The accurate prediction of surgical risk is important to patients and physicians. Logistic regression (LR) models are typically used to estimate these risks. However, in the fields of data mining and machine-learning, alternative classification and prediction algorithms have been developed. This study aimed to compare the performance of LR to machine-learning algorithms in predicting 30-day surgical morbidity in children. All models included procedures and 49 pre-operative patient characteristics and were fit using data from 48,089 cases in the National Surgical Quality Improvement Program-Pediatric. After optimizing model fit using cross-validation in a training dataset, we compared discrimination (c-statistic), calibration intercept and slope, classification accuracy, sensitivity, specificity, positive predictive value (PPV), and negative predictive value (NPV) of the models in the remaining cases. Compared to a LR model with no interactions and linear relationships between predictors and the log-odds of morbidity, ensemble-based methods showed higher accuracy (random forests (RF) 93.6%, boosted classification trees (BCT) 93.6%, LR 93.2%), sensitivity (RF 39.0%, BCT 39.8%, LR 37.5%), specificity (RF 98.7%, BCT 98.5%, LR 98.4%), PPV (RF 73.2%, BCT 71.5%, LR 68.0%), and NPV (RF 94.6%, BCT 94.7%, LR 94.5%). However, only BCT showed superior discrimination (BCT c=0.880, LR c=0.871) (p<.05 for all), and none of the models performed better than a more flexible LR model that incorporated restricted cubic splines and significant interactions (accuracy 93.7%, sensitivity 41.5%, specificity 98.5%, PPV 72.0%, NPV 94.8%, c=0.877). Both LR models showed superior calibration compared to the ensemble-based algorithms. After further validation, the flexible LR model derived in this study could be used to assist with clinical decision-making based on patient-specific surgical risks.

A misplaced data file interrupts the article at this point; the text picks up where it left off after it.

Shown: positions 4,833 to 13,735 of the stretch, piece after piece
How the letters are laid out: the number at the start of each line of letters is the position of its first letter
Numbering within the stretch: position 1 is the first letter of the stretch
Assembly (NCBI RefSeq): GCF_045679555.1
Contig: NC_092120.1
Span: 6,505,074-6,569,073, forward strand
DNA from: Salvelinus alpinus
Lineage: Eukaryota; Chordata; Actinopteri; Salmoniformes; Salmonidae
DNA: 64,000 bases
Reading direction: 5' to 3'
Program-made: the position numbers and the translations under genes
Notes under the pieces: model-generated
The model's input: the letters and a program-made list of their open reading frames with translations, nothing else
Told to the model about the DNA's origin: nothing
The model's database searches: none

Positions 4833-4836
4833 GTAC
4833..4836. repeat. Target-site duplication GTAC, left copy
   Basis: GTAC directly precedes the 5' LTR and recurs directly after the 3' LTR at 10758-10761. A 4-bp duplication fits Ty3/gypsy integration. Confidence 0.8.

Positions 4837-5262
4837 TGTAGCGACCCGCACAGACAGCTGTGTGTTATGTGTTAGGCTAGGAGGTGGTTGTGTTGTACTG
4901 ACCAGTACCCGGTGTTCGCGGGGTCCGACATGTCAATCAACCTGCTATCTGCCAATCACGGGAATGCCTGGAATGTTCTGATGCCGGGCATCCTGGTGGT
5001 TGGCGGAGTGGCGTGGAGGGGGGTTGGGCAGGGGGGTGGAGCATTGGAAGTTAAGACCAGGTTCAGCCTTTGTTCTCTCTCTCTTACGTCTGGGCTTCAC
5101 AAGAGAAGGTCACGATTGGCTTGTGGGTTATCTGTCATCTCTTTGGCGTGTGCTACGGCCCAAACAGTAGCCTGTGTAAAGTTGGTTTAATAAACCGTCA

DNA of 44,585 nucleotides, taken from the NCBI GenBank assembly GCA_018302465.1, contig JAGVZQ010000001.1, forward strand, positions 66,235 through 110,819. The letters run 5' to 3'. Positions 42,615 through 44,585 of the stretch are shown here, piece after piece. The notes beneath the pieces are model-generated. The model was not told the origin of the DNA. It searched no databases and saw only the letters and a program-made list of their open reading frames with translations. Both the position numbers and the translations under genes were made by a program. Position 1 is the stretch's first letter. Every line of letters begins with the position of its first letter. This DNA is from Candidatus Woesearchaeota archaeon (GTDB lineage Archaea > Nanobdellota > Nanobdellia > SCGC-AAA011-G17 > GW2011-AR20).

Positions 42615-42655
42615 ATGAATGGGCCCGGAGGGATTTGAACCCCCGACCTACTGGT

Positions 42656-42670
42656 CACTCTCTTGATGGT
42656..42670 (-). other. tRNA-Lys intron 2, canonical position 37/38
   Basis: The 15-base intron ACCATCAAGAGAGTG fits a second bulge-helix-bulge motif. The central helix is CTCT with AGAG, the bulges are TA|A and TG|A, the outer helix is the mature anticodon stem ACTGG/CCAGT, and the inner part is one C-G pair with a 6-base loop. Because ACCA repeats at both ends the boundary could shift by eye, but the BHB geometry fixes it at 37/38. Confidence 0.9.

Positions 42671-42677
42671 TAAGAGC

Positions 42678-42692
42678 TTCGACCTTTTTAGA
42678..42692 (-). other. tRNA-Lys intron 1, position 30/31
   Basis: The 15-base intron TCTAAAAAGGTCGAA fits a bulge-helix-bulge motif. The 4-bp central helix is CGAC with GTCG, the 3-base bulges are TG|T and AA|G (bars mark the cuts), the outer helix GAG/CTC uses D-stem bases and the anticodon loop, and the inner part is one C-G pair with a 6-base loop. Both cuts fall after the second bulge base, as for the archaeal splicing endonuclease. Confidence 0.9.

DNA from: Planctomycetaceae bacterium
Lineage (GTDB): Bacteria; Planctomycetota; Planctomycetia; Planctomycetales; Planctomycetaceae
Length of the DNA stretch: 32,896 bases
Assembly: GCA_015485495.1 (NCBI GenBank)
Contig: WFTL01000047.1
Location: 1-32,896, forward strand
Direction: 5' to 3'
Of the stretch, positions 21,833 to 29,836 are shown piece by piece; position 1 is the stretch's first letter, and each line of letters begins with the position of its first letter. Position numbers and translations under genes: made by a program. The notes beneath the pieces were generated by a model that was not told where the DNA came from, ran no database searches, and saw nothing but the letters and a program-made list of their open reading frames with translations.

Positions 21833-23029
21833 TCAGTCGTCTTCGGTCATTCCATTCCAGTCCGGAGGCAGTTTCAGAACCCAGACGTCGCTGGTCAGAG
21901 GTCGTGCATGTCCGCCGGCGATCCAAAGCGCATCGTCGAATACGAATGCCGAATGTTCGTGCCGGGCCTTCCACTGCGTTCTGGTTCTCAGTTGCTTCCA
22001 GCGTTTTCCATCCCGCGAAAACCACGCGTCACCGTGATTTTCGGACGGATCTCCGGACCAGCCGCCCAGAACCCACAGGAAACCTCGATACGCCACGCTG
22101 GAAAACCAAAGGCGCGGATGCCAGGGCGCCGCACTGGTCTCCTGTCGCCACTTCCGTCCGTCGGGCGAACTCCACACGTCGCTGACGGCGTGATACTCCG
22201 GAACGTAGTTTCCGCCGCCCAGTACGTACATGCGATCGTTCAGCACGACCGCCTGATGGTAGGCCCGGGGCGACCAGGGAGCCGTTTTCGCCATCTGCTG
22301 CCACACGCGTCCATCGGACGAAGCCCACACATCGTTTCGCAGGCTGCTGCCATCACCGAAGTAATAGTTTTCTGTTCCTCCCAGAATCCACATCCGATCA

Coauthors: Lai Wei, Soledad Fernandez (The Ohio State University, Columbus, OH); Peter Minneci, Katherine Deans (The Research Institute at Nationwide Childrens Hospital, Columbus, OH)

Bio: